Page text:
Commercial Real Estate's Death Knell May Have Been Premature
CNBC.com Senior Writer
In the face of some otherwise-daunting obstacles, commercial real estate is proving to be an attractive area for investors looking for bargains as loans come due and foreclosures mount.
Analysts have been warning for months that commercial real estate could be the next shoe to drop in the subprime mortgage collapse that came to a head in 2008.
But with signs of thawing in the securitization markets and indications that investors are ready to come to auction when properties are on the block, the idea that the industry represents a major looming danger for the economy is losing traction.
Prudential Financial executives, speaking at a market outlook discussion Tuesday in New York, said they are "reluctant optimists" on the space. Marc Halle, the firm's managing director of real estate investments, compared the industry to a "fly wheel" that likely will accelerate in the years ahead.
"As it cranks up, it's going to start going pretty quickly in the next three, four years," he said. "We think the recovery is going to be very different this time."
Halle acknowledged that distressed conditions are likely to intensify in the market but does not expect to see "wholesale foreclosures." Instead, real estate investment trusts could become a more attractive asset class in a slowing economy as interest rates stay low and REIT dividends remain solid.
For instance, theVanguard REIT IndexETF , which tracks the Morgan Stanley Capital International US REIT index, is up in price about 7.6 percent in 2010. But perhaps as importantly, the fund is paying a healthy 4.64 percent dividend, providing allure as the stock market grinds through the summer.
The Dow Jones REIT IndexETF is up about the same amount and pays a 4.26 percent dividend.
Broadly speaking, REITs have gained about 7.75 percent in 2010 while the major stock indexesremain mired in negative territory, according to FTSE/National Association of Real Estate Investment Trust data.
Halle said Prudential has been a slow buyer of commercial real estate, but has found surprisingly high pricing in the market and strong bids.
"When we sell a property, the number of bids is phenomenal," he said.
Big banks also are seeing opportunity on the commercial side.
JPMorgan Chase, Goldman Sachs and Citigroup are all making forays back into the securitization market, which is the lifeblood of commercial deals.
The banks are expected to launch $1.4 billion in two offerings of commercial mortgage-backed securities, according to a report Wednesday in the Wall Street Journal, which cited sources familar with the planned sales.
The offerings pale in comparison to the more than $1 trillion coming due in maturing debt over the next five years, but offer some glimpse that Wall Street may be getting back on board.
"There are select opportunities," said Paul Sobrera, president of Alliance Consulting in New York. "The opportunities are in deeply distressed foreclosures and bank-owned properties. However, I still feel those properties haven't been discounted enough to accommodate the discount in rents."
Indeed, there remain obstacles, among them whether prices will continue to fall and if banks will become more open with lending practices.
Many banks these days, in the face of stronger regulation including more stringent capital requirements, are eschewing the typical longer-term mortgages and instead are forcing buyers to take five-year balloon plans, forcing them to refinance down the road and face an uncertain future with interest rates.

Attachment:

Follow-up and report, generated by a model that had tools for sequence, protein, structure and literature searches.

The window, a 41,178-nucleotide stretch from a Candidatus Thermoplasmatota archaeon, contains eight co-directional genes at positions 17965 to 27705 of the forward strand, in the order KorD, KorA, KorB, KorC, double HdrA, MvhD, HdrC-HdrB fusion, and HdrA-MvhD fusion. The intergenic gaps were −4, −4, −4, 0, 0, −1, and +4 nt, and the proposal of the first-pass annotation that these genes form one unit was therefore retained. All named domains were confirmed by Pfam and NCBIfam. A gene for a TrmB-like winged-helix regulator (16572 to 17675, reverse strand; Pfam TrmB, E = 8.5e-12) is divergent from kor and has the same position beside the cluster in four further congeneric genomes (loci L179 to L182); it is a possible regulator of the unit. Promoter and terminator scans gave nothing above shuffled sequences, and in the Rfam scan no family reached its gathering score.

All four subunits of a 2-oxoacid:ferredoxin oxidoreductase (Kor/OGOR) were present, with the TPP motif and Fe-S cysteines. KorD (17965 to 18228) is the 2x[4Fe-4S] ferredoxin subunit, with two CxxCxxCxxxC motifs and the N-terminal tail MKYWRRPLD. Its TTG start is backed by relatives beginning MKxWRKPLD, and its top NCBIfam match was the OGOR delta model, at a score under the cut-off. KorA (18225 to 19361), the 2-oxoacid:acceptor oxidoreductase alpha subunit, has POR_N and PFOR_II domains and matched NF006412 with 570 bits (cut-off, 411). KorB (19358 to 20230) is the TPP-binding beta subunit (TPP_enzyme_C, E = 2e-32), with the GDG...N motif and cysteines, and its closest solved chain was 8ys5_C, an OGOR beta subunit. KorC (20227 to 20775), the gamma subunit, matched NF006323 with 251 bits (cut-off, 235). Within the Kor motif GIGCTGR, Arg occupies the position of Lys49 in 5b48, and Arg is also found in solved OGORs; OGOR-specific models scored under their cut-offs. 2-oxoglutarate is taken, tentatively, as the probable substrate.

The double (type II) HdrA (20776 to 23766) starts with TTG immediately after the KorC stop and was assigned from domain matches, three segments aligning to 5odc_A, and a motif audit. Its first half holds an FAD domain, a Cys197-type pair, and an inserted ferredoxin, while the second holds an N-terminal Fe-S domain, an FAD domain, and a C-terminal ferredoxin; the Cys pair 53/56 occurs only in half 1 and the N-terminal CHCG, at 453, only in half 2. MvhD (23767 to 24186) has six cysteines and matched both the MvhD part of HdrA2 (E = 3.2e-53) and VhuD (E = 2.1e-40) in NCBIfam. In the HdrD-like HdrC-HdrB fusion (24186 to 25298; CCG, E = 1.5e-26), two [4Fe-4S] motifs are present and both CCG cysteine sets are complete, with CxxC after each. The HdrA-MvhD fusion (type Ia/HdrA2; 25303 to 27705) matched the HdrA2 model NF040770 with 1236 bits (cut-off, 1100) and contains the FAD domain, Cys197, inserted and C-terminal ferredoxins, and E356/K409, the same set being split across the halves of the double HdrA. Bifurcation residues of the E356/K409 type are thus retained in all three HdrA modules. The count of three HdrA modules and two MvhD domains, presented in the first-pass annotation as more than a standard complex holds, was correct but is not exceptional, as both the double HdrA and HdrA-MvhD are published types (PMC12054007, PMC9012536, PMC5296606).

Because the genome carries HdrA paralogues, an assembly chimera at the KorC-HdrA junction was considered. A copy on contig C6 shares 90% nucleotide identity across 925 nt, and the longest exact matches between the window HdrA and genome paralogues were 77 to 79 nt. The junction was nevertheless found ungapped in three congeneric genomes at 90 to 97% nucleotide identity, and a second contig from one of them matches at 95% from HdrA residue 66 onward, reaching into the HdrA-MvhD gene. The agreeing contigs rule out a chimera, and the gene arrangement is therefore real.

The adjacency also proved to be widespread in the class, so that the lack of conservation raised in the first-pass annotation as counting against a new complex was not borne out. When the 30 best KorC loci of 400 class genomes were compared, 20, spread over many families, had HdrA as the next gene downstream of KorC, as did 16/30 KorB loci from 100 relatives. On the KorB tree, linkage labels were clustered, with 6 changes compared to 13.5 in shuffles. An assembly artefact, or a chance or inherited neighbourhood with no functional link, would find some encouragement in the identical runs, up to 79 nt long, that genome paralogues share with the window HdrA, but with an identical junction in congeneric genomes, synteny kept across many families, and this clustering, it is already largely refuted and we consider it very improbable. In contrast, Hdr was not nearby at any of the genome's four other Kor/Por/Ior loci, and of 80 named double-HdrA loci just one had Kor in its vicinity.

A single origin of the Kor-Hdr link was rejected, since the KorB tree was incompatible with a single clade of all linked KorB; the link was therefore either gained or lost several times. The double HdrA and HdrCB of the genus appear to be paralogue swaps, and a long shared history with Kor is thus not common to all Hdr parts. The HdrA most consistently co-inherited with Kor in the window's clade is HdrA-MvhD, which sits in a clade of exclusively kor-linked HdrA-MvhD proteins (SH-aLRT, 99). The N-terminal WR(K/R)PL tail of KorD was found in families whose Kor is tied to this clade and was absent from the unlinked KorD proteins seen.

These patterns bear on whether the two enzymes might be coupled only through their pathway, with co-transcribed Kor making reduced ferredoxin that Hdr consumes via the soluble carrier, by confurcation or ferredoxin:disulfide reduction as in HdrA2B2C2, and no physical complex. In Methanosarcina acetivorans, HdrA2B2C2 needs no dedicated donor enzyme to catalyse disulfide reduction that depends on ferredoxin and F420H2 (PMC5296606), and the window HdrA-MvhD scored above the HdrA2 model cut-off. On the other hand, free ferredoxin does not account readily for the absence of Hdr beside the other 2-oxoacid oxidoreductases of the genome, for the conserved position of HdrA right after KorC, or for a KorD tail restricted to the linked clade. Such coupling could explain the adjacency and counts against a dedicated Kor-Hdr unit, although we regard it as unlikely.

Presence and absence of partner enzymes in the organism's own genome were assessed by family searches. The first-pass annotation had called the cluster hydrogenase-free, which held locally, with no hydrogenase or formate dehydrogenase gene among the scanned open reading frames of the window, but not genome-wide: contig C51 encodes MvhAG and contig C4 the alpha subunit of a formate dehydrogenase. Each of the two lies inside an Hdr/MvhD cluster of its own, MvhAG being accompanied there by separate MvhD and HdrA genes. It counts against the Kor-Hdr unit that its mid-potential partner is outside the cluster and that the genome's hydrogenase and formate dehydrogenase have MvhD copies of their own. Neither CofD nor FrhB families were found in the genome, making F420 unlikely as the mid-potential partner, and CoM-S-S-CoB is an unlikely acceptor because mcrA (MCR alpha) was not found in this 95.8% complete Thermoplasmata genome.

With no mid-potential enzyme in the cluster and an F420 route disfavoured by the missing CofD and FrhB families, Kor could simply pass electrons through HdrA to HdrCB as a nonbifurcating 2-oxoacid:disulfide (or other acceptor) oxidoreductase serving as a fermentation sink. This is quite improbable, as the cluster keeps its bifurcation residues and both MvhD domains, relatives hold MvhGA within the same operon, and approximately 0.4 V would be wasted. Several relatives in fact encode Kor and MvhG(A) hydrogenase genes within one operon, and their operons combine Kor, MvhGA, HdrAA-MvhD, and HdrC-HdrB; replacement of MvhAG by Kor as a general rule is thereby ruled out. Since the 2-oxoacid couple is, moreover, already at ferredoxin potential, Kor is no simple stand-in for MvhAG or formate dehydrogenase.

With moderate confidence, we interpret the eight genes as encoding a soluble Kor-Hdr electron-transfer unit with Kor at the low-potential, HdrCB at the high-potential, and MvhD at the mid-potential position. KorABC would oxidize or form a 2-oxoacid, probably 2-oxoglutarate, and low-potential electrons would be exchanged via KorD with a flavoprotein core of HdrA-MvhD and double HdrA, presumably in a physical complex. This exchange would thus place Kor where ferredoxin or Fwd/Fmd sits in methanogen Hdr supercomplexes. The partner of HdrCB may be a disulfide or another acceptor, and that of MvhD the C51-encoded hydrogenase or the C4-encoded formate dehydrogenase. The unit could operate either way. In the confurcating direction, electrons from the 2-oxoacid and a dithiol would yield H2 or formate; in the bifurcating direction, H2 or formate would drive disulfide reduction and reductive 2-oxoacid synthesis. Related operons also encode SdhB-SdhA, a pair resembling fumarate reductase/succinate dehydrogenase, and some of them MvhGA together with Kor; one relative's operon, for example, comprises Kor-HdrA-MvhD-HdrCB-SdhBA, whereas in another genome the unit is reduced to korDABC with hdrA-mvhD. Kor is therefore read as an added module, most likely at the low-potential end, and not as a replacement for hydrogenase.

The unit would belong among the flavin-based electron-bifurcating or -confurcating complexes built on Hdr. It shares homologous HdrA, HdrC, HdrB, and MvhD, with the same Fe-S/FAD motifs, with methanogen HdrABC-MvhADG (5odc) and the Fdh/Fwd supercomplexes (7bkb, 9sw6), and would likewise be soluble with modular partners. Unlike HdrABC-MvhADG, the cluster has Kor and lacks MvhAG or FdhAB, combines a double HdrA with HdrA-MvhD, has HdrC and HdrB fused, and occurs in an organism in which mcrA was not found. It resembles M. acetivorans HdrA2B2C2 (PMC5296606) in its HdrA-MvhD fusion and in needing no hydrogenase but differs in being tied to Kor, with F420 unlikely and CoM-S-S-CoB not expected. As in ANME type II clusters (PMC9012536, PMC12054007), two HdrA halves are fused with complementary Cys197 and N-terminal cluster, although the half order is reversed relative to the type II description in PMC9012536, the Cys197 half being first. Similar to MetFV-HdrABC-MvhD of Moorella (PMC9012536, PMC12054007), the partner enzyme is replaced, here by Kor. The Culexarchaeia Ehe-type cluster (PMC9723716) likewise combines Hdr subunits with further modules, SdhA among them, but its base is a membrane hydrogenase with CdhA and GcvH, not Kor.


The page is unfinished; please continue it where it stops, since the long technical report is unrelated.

Uncertainty among borrowers regarding whether banks will go back to more normalized lending practices is at the root of criticism against the Frank-Dodd financial regulations that President Obama signed Wednesday.
Banking analyst Dick Bove, at Rochdale Securities, said there is a persistent rumor that the Federal Reserve is looking at loosening capital requirements. Bove, a harsh critic of the new law, said that would be a welcome development.
"It demonstrates that the Fed understands that it must help the banks so that the banks can help the economy," Bove said in a note to clients. "It implies that the Fed will not be very hasty in putting into effect the onerous rules being mandated by the banking legislation. If the Fed truly understands this, the outlook for banking and, more importantly, the economy is beginning to change in a positive manner."
Banks themselves have been voicing some slightly encouraging sentiment regarding the direction of commercial real estate.
Most institutions issuing their second-quarter results have been indicating that commercial loan losses either are reversing or leveling off.
US Bancorp delivered perhaps the best news of the bunch, noting that it had seen "strong lending activity" totaling $46.3 billion in the quarter that included $11.4 billion of new commerical and commercial real estate commitments, as well as $17.9 billion of renewals.
Wells Fargo reported $1.3 billion in commercial real estate losses but noted that it was a "significant reduction" that it expects to continue.
Even Comerica, which reported a decrease of $641 million in average loans, more than half of which came from commercial loans, said the total decrease of $1.1 billion in average earnings assets bettered the previous quarter's mark of $1.4 billion.
Prudential's Halle said he expects banks, which normally don't like to keep foreclosed real estate on their books for long, will be changing their approach.
"Banks don't like to hold real estate. They want to sell real estate off their books," he said. "This time they may want to hold real estate because they see the value out there."